I’ve attended literally hundreds of festivals, and Grey Fox continues to be one of my favorites, with a perfect combination of music, ambiance, established stars and up-and-comers and super-friendly people. If heavy metal brings out the headbangers, bluegrass brings out the dancers and down-to-earth folks.
There was plenty to dance to. The great folklorist and archivist Alan Lomax called bluegrass “folk music in overdrive,” and that’s as good a description as any I’ve heard. With five stages and (nearly) a zillion jams lasting into the wee hours, Grey Fox may be geared toward the easygoing, but certainly not the lethargic fan. Traditionalist Del McCoury and “New Grass” innovator Sam Bush both had several thousand sleep-deprived bluegrassers in a collective state of perpetual motion throughout their sets, as did most acts, which included other superstars like Béla Fleck and Abigail Washburn, the Infamous Stringdusters and the Steep Canyon Rangers.
The Sam Bush Band had missed Grey Fox for a year or two, and both the band and the crowd delighted in his return. They played a mix of traditional and new songs like Flatt & Scruggs’ “Little Girl from Tennessee” and Bill Monroe’s “Roll On Buddy, Roll On” (which Bush often performs with Del McCoury) and Leon Russell’s “One More Love Song,” all with that Sam Bush energy. Bush not only plays the Hell out of that little mandolin, he’s got a longtime touring band that can actually keep up with him. Bush infused Jim & Jesse’s “(It’s a Long, Long Way) To the Top of the World” (the second line is “but it’s a short fall back down”) with a lot more drive than the original, and I loved it. That song segued perfectly into Bush’s own “How in the World Did We Get This Far?” (co-written with Jeff Black), which gave us all a glimpse into this artist’s mindset. Whatever introspective thoughts Bush harbors, believe me, this guy is still on an upward musical trajectory.
Having seen Billy Strings and Don Julin at the Folk Alliance Festival, I knew what great music I’d be missing, but since Strings played solo later, I decided to peruse the substantial vendors’ alley, where I found urinals made into instruments, instruments made into jewelry, wood flooring made into instrument-shaped cutting boards and wood chairs to suspend above your floors. Whimsical, useful or playable, there was something for everyone, and lots and lots of food to go with it, even though a high percentage of attendees were campers: camping was sold out. I ran into a couple who lives two doors away from me, and they camped, though the drive is barely 30 minutes. Lest anyone has the impression that this is a local festival, one of the raffle prizewinners hailed from New Zealand, and license plates included states from Florida to Maine.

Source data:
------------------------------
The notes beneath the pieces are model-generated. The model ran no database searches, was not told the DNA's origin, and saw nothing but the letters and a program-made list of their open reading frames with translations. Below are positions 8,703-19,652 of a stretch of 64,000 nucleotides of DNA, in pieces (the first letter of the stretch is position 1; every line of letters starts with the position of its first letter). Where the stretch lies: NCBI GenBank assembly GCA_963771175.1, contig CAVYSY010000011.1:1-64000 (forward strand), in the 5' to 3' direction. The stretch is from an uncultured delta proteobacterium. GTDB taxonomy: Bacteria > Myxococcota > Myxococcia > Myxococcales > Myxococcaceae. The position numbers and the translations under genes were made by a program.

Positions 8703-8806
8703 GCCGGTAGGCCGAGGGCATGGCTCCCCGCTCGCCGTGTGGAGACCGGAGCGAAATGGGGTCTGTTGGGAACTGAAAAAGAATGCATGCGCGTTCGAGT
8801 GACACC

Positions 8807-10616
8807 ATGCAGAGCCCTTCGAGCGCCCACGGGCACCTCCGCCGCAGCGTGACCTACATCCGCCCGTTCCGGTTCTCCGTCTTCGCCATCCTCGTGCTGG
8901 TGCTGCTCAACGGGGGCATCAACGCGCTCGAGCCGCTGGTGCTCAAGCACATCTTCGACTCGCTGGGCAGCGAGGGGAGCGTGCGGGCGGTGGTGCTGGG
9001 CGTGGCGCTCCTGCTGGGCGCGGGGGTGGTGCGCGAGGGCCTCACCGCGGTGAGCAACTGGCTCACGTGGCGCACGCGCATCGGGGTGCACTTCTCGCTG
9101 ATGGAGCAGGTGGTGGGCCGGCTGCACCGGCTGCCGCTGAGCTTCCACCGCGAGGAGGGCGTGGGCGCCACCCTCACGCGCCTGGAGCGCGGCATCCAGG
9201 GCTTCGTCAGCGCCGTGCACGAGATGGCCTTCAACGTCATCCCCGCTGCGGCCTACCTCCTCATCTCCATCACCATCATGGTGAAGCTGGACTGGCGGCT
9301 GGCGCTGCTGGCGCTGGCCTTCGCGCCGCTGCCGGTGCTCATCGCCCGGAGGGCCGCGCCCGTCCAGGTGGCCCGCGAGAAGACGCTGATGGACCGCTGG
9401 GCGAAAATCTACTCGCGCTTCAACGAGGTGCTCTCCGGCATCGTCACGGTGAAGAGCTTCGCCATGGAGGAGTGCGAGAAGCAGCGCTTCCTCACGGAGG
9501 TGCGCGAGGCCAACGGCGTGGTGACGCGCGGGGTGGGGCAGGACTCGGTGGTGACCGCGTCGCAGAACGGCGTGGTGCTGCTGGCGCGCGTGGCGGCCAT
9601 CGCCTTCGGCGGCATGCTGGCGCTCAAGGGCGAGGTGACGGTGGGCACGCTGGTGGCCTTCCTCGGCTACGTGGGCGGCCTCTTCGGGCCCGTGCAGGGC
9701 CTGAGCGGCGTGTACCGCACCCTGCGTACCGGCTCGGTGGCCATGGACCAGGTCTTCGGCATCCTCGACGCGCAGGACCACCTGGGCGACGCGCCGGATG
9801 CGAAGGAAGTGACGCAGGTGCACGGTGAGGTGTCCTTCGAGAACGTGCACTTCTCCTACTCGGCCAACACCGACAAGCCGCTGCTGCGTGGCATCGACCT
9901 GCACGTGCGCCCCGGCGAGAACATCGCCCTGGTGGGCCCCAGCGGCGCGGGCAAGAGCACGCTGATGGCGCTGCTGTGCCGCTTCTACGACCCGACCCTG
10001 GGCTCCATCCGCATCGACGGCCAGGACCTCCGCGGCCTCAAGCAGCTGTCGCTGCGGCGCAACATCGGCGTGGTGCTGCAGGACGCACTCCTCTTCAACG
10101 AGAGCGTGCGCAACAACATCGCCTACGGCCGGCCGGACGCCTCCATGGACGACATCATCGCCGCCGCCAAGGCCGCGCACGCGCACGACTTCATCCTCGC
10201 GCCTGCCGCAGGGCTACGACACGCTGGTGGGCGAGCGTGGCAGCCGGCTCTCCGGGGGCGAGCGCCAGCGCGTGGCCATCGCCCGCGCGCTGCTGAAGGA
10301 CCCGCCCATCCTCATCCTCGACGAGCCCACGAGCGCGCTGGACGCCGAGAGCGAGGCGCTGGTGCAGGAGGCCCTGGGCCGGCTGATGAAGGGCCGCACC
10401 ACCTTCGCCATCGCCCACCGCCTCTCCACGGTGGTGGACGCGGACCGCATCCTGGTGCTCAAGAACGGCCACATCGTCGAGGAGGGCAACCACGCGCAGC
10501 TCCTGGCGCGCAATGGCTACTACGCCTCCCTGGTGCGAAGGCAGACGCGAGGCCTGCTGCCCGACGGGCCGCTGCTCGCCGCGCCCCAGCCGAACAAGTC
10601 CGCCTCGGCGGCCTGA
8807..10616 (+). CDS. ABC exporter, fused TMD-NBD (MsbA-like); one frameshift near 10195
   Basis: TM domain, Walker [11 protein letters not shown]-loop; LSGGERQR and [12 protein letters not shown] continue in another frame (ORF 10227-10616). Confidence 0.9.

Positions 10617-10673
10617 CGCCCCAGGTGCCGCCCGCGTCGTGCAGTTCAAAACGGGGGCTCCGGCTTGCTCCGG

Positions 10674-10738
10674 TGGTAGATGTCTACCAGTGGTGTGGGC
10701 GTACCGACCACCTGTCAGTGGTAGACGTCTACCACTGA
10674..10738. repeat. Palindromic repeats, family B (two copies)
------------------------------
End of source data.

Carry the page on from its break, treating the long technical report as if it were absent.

Billy Strings had a pickup band, and if I hadn’t heard the guys’ discussion about what key and what tempo to play each song in, you’d have thought they’d played together for years. It didn’t hurt that Strings and banjo player Gabe Hirshfeld generate enough stellar licks between them for a quintet. Strings himself said, “I got myself some hired guns,” and Hirshfeld shot back “…and they’re packing heat!” That they were, people.
Speaking of heat, Hot Rize, with the fabulous Tim O’Brien, Pete Wernick, Nick Forster and newbie Bryan Sutton generated plenty of heat on their own, and earned a Special Merit Badge for playing their entire set in suits and ties on a very, very hot day. We fans should have fanned them, but we were too busy dancing.